ISRO does not have a human-rated launch vehicle but has been working on individual module advancement required for putting man in the space. However a manned Indian mission to space would not be happening before 2020 according to ISRO Chairman Dr. K. Radhakrishnan's interview to NDTV.

D. Deep Space Exploration

Roughly you could categorize deep space or planetary missions in following categories, 

TypeShort Description
Flybysa space probe sent past a celestial body close enough to record scientific data.
Orbitersa space probe that orbits a planet or other astronomical object.
Impactorshard landing a spacecraft on a planet or celestial body
Landerssoft landing a spacecraft on a planet or celestial body (advanced version of Impactor)
Roverssending an exploration vehicle designed to move across the surface of a planet
Sample returna mission with the goal of collecting and returning with samples from an extraterrestrial body
Human landinglanding on a planet or celestial body with a crew or passengers aboard the spacecraft. 

Again this is not a perfect classification but approximately arranged in increasing order of technical difficulty.

The Moon mission demonstrated ISRO's ability of successfully executing mission with orbiter and impactor. The impactor named Moon Impact Probe (MIP) crash-landed on the lunar surface on 14th November 2008 with eleven scientific instruments. One of the instrument helped conclusively confirm existence of water on the moon in late 2009. Similarly, ISRO's mission to Mars was successfully able to insert the orbiter into Mars orbit on 24 September 2014.

In early next year (2018) ISRO plans to return to the Moon with more advanced mission Chandrayaan-2 containing a lunar orbiter, lander and rover, all developed by India.

A similar target is being set for it's second Mars mission Mangalyaan, which might include a lander and a rover in addition to the orbiter.

E. Indigenous Engines for launchers

Arguably the most important metric for the efficiency of a rocket engine is called Specific Impulse defined as impulse per unit of propellant. In simple words, it is the capacity of propellant (the fuel used to generate the energy) to produce the desired effect of the force acting over time. Cryogenic engines, though very painful to develop, provide higher Specific Impulse compared to non-cryogenic engines. It means the rocket would need less fuel in terms of mass to achieve a specific task. That essentially enables higher payload capacity, meaning the ability to put heavier satellites in orbit or heavier spacecraft in space.

ISRO formally started the project to build domestic cryogenic engine in 1994. After 20 years, the indigenously developed engine CE-7.5 successfully launched a satellite using a GSLV rocket. India became the 6th country to develop a cryogenic rocket engine.

It replaced the KVD-1, a fifty-year-old Russian cryogenic engine that powered the upper stage of GSLV Mk-1. The following chart would demonstrate the trend of using domestic engines for powerful rockets, 

LauncherUpper Stage EnginePayload (in kg)OrbitStatus
KVD-1 (Russia)
2500Geosynchronous Transfer Orbits
5000Lower Earth Orbit
CE-7.5 (India)
2500Geosynchronous Transfer Orbits
5000Lower Earth Orbit
CE-20 (India)
4000Geosynchronous Transfer Orbits
Under Development
8000Lower Earth Orbit

The CE-20 - most powerful indigenous engine has undergone multiple successful tests. In fact, ISRO will most probably launch the GSLV Mk-III in the first half of 2017 which would almost double the payload carrying capacity of Indian launchers.

Developing efficient rocket engines is an endless process for any space program. The efficiency measure change with the requirement (high Specific Impulse, High Thrust etc) and stage of the rocket. The following table captures domestically developed rocket engines by ISRO,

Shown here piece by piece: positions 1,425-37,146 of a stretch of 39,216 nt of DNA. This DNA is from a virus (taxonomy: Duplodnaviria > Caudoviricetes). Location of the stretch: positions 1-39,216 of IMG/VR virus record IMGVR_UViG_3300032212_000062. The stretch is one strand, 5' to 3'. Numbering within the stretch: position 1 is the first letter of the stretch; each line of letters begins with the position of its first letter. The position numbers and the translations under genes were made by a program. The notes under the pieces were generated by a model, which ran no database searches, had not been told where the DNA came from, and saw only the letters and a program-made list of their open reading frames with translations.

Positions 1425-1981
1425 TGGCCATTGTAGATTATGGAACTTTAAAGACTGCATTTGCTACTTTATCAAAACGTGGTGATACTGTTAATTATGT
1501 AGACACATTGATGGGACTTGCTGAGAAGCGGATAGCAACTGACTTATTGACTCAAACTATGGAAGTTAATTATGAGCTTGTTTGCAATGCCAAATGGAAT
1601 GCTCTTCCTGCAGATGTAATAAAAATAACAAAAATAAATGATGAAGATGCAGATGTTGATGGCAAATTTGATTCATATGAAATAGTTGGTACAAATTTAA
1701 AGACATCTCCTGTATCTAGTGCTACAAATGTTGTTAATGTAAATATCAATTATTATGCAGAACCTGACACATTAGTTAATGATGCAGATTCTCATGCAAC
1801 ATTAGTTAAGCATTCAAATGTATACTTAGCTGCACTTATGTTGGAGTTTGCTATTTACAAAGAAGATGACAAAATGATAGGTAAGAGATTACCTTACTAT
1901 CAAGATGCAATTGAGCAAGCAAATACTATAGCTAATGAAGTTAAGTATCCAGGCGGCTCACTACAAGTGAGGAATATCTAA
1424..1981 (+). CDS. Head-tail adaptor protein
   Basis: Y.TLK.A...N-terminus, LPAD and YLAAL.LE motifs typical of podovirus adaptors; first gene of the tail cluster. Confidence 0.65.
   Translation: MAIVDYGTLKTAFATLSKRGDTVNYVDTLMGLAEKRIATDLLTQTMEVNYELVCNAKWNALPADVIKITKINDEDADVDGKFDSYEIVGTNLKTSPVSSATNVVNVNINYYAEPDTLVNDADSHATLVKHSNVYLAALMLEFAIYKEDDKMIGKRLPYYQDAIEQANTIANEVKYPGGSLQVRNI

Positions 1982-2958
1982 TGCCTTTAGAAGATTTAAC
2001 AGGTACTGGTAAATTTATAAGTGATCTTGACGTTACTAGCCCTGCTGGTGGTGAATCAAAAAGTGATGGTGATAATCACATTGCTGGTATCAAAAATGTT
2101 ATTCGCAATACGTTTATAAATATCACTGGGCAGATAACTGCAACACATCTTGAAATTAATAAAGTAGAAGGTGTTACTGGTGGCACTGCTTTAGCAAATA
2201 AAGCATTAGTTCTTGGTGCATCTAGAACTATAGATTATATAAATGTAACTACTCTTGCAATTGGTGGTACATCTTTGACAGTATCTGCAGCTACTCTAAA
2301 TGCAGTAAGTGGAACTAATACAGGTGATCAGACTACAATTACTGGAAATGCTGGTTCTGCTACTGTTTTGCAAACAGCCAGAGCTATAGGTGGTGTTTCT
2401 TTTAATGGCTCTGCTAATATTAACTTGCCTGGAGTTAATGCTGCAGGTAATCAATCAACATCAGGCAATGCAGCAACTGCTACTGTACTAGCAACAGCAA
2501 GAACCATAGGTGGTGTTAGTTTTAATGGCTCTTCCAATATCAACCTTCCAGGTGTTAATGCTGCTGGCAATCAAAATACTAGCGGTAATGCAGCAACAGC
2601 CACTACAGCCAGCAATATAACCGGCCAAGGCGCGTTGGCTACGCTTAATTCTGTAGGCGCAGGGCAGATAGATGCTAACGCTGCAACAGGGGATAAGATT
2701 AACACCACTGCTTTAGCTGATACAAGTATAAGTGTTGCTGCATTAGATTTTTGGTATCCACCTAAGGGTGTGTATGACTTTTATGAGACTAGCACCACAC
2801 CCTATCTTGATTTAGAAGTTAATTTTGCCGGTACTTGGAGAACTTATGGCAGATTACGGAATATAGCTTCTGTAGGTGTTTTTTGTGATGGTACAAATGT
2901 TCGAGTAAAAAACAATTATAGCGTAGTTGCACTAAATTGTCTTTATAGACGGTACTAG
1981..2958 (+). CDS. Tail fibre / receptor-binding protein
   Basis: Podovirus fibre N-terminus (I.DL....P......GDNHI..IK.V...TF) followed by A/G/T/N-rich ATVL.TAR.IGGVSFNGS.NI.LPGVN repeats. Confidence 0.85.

EngineVehicleUsePropellantSp Im (s)Thrust (N)Status
CE-7.5GSLV Mk-IIUpperLH2/LOX45473.5 KOperational
CE-20GSLV Mk-IIIUpperLH2/LOX443200 KDevelopment
S200GSLV Mk-IIIBoosterHTPB274.55,150 KOperational
SCE-200GSLV Mk-IIIUpper/MainRP-1/LOX3352,030 KDevelopment
PSLV-1PSLV1stHTPB269486 KOperational
SLV-1PSLVBoosterHTPB253502.6 KOperational
VikasPSLV/GSLV/GSLV Mk-IIISecond/Main/BoosterN2O4/UDMH262680.5-804.5 KOperational

F. Commercialization Strategy

Gopal Raj noted in The Ken, while nanosatellites are set to grow exponentially in number, they will not in terms of revenue for ISRO. A few, large satellite launches will still net higher revenues.

In order to launch larger satellites ISRO would need launchers with more payload capacity. So perfecting GSLV (up to 5000 kg payload) and GSVL Mk-III (up to 8000 kg payload) seems like a critical target.

Consider following data of satellite industry revenue compiled by SIA (Satellite Industry Association) annual report.

Antrix, whose aim is to commercialize ISRO's technology, generated $280 million revenue in 2014-15. Antrix provides services in all four categories listed above. In spite of that, Antrix's revenue share in global market is less than one percent (0.13%). There is a huge opportunity to grow.

Though legalities and other factors could generate hinderance to growing the business in some cases. For example the US has a policy since 2005 which “discourages U.S. commercial satellite operators from purchasing launch services from Indian launch companies”. However pressure form American companies interested in using low cost launch services has lead to government reconsidering this policy and make it easier to launch satellites from India.

The same SIA report states, though global satellite industry grew by of 3%, but the satellite "launch industry" shrinked by 9%.

Perhaps Antrix will have to carefully diversify it's services in all four sectors and strategize how they are going to eat bigger slice of space-cake. Right now it's 70-75% of the revenue comes from Satellite Communication business.

At last, the number of launches also play a vital roles in increasing the revenue. Out of the total of 65 commercial satellite launches in 2014-15 only two were by Antrix.